The table above provides a nice breakdown of the SDT Continuum. I’ve made it a clickable link for any of you go-getters who really want to soak it in, but for the rest of us “meat and potatoes”-types, I’ll keep it brief;
- Extrinsic motivation (EM) isn’t necessarily bad, but there are sub-types of it that are definitely less good (see: External and Introjected Regulation). These can be extremely motivating, but will likely involve negative emotions and will not withstand the test of time.
E.g. Patient A comes to you with LBP and explains that they need to get better ASAP because the pain is causing them to miss work, their employer is upset with them, and they’re losing wages and have bills to pay.
- Identified Regulation and Integrated Regulation are better versions of Extrinsic Motivation where people value the activity or have integrated it into their current values; they’re motivated because they’ve identified the activity as personally important or have integrated this activity and its outcomes to be congruent with their current values or needs
E.g. Patient B comes to you with LBP and explains that they need to get better because their pain is impeding their exercise routine and although they don’t really enjoy exercising, they know it’s important for their health (something they value)
- Intrinsic Motivation (IM) is the most powerful version of motivation in that it is linked to inherent satisfaction and enjoyment, making it the most enduring and resilient form.
E.g. Patient C comes to you with LBP and explains that they need to get better because she loves spending time hiking the local trails and hasn’t been able to do so since the pain began.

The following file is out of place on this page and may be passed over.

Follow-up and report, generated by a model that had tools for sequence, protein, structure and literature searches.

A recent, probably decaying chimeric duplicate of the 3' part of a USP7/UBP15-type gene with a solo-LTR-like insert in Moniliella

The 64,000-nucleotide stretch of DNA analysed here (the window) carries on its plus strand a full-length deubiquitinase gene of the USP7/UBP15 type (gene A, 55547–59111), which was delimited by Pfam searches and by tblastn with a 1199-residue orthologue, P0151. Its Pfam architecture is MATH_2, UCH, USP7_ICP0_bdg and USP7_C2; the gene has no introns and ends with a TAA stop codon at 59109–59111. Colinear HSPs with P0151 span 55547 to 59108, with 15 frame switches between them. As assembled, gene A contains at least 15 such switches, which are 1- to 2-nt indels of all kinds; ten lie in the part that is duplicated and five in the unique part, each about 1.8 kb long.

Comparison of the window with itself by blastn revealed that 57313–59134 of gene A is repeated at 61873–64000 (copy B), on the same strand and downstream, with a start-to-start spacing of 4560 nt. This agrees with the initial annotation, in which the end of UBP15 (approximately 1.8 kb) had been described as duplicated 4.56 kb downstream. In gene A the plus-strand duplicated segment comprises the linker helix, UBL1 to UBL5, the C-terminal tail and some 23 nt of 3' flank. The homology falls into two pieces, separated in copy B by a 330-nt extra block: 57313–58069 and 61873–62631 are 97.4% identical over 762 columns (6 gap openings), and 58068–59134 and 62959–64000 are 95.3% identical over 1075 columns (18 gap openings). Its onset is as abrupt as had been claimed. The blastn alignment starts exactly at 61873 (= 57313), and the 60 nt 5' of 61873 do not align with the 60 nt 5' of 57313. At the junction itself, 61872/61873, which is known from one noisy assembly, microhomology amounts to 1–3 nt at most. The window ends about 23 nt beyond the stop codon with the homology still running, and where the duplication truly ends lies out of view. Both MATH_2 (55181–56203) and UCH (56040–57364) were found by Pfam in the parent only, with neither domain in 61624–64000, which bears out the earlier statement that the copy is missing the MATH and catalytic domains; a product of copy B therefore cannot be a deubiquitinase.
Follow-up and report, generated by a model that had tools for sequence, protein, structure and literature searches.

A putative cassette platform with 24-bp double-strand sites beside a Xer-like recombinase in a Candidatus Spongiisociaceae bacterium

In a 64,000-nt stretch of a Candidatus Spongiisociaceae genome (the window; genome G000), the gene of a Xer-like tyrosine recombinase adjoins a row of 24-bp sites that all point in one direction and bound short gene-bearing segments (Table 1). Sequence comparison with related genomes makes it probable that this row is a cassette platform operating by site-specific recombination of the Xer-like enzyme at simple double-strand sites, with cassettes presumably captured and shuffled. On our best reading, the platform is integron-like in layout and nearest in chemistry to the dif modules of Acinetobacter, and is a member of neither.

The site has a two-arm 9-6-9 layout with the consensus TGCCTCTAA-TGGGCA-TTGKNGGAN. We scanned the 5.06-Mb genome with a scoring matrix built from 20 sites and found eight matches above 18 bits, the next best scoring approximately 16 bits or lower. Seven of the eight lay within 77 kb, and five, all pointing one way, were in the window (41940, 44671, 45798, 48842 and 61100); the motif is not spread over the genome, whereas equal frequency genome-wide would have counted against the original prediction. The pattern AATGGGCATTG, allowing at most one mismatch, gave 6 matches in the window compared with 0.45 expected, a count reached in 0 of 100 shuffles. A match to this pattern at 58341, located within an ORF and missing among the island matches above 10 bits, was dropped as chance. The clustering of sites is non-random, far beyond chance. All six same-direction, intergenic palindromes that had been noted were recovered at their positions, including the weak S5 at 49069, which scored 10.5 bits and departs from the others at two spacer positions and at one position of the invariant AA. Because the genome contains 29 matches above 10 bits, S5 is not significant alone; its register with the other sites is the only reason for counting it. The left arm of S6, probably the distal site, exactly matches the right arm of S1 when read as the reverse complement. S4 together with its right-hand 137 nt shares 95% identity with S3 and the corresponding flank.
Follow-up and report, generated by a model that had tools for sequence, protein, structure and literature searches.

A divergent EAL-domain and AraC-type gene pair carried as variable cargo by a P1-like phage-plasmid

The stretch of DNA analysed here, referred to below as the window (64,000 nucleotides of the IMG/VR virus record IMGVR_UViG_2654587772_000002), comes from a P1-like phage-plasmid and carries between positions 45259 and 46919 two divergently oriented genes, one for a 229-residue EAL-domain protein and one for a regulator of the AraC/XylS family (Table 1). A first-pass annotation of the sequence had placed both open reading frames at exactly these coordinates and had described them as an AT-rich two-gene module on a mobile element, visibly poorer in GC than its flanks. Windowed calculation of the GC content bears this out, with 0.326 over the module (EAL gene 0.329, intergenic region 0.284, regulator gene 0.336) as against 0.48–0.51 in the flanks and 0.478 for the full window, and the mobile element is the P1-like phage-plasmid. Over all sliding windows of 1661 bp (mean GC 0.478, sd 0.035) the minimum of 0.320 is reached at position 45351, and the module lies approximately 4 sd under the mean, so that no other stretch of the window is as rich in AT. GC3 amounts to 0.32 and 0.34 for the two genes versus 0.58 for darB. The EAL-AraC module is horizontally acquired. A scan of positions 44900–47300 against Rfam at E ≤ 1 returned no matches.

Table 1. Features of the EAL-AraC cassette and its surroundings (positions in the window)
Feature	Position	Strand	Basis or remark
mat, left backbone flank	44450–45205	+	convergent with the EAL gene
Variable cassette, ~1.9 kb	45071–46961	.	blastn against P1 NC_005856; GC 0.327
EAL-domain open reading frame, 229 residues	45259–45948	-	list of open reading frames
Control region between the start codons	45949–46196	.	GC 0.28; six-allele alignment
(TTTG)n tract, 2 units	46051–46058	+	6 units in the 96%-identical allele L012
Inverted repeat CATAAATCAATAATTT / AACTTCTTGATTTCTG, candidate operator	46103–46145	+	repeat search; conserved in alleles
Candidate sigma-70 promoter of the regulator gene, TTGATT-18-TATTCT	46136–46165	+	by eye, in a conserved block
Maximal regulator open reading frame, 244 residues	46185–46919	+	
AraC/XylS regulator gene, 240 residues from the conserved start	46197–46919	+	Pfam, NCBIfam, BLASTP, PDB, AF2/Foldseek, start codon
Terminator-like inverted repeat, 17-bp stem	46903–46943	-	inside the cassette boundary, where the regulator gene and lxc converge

Patient A, Patient B, and Patient C are all motivated to get better, however Patient A’s motivation will last only as long as their pain does, Patient B’s motivation will persevere only as long as they continue to value their health, but Patient C’s motivation is likely to endure as it is linked to something of great inherent satisfaction or value for them.
Our goal as practitioners isn’t necessarily to have all of our patients be like Patient C, but rather it’s to help move patients along this continuum toward more self-determined forms of regulation. The question is... how?!
Well, Self Determination Theory posits that human motivation is based on the satisfaction of 3 universal needs;
Autonomy: The need to perceive our behaviours and thoughts as freely chosen
Competence: The need to perceive our behavior and interactions as effective; to believe that we can and will succeed (thank you, self-efficacy theory)
Relatedness: The need to perceive that we are connected to those around us; that we belong
The idea being that, the degree to which these needs are met when engaging in (or contemplating) a certain behaviour or activity will determine what type of motivation drives that behaviour. The more they’re met, the more self-determined the type of motivation.
So, if we apply this theory to Physical Therapy, how can you create an environment for your patients that supports these needs, thereby facilitating more self-determined forms of motivation and all the good things that come with it? Well, if we look at some of the literature from the exercise psychology world, we can pull out a few good suggestions.
To foster Autonomy: